Between 1472 and 1496, Stephen directed funds toward Vatopedi Monastery. He supported there the construction of a depot at the boat dock (the arsana). The exterior wall of this structure preserves the only extant relief sculpture of the Moldavian ruler. A 94 x 91 cm marble panel set into the fabric of the wall illustrates Stephen presenting a model of a building (perhaps the very arsana he helped rebuilt) to the Virgin Mary, who holds the Christ Child in her arms. The relief shows Stephen presenting the model to Christ via the intercessory role of the Virgin. The emblem of Moldavia, a frontal bull head, hovers between the figures. The inscription in Greek along the top reads: “The most devout John Stephen voivode,” while the one along the bottom indicates: “in the year 7004 [1495–96], during the time of Abbot Cyril, hieromonk.”

By the turn of the sixteenth century, Stephen began directed resources toward the monasteries of Saint Paul and Gregoriou on Mount Athos. He built an aqueduct, a baptistery, and a mill at Saint Paul. Gregoriou started receiving a very substantial annual donation of four thousand aspra (about eighty gold pieces) from the Moldavian ruler. Stephen’s support of Gregoriou continued a family tradition. His son, Alexander, and his second wife, Maria Asanina Palaiologina of Mangup, both extended precious gifts to Gregoriou, including sumptuous liturgical embroideries and icons.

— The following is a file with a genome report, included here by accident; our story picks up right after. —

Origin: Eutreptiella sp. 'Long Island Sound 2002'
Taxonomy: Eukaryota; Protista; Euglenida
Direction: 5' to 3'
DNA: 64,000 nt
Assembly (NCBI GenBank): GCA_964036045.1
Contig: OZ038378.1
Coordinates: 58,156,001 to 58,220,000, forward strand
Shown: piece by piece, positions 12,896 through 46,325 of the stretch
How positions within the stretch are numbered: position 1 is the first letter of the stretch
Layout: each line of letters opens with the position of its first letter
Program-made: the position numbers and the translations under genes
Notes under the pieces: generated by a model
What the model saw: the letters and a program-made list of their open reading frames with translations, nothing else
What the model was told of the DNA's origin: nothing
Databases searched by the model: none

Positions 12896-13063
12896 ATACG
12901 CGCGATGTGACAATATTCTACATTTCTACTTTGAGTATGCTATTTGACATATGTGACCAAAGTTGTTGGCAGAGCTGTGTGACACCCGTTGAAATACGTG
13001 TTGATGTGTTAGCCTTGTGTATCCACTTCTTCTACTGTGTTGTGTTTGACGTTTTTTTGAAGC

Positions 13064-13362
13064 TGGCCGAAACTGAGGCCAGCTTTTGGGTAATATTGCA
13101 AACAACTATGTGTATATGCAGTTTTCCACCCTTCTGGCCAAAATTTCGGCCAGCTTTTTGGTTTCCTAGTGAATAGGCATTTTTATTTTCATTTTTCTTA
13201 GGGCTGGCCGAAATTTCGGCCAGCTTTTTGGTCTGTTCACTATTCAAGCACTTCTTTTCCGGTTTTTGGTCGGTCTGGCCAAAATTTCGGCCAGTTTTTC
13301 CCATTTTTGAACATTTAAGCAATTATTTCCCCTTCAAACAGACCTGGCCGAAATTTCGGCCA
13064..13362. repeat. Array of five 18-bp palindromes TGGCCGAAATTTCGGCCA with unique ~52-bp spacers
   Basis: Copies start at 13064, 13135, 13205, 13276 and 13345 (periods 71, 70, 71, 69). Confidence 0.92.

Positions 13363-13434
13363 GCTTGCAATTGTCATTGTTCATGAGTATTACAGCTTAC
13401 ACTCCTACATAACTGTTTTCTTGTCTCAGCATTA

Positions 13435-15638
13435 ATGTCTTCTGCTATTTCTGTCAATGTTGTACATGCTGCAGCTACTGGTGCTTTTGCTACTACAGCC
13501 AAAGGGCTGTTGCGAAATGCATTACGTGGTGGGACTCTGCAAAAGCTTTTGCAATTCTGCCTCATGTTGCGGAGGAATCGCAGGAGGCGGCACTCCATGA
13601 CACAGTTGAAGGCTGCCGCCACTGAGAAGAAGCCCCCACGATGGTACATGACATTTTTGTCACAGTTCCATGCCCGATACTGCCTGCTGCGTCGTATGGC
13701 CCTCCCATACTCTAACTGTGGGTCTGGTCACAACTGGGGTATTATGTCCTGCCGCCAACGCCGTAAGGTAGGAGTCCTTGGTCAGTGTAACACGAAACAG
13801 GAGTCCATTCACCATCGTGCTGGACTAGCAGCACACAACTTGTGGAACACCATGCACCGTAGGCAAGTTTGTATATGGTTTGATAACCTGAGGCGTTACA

Through his monetary donations and gifts to Mount Athos, Prince Stephen III of Moldavia ensured the continuing autonomy of the monasteries at a critical moment in their long history. Stephen’s support also demonstrated his piety and devotion, as well as paid tribute to his own dynastic past. The donations, moreover, ensured his perpetual commemoration through prayer and his spiritual protection among the Athonite communities.

Finally, through his patronage of the Holy Mountain, Stephen III of Moldavia sought to nurture and renew symbolically the former glory of the Byzantine Empire at a moment when Constantinople was no longer. His actions, by extension, render the principality of Moldavia, as a polity, an heir to Byzantine Orthodoxy.

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Alice Isabella Sullivan is an art historian specializing in the medieval history, art, and culture of Eastern Europe and the Byzantine-Slavic cultural spheres. She has authored award-winning publications, is co-editor of Byzantium in Eastern European Visual Culture in the Late Middle Ages, and co-founder of North of Byzantium and Mapping Eastern Europe. Follow her on Twitter @AliceISullivan

Further Reading:

P. Ș. Năsturel, Le Mont Athos et les Roumains: Recherches sur leurs relations du milieu du XIVe siècle à 1654 (Rome, 1986).

A. I. Sullivan, “The Athonite Patronage of Stephen III of Moldavia, 1457–1504,” Speculum 94, no. 1 (2019): 1–46.

Broderies de tradition byzantine en Roumanie du XVe au XVIIe siècle: Autour de l’Étendard d’Étienne le Grand. Paris: Musée du Louvre, 2019.

Top Image: Stephen III of Moldavia and his immediate family in the votive mural at the Church of the Holy Cross, Pătrăuți, Romania, painted between 1496 and 1499. Photo by Alice Isabella Sullivan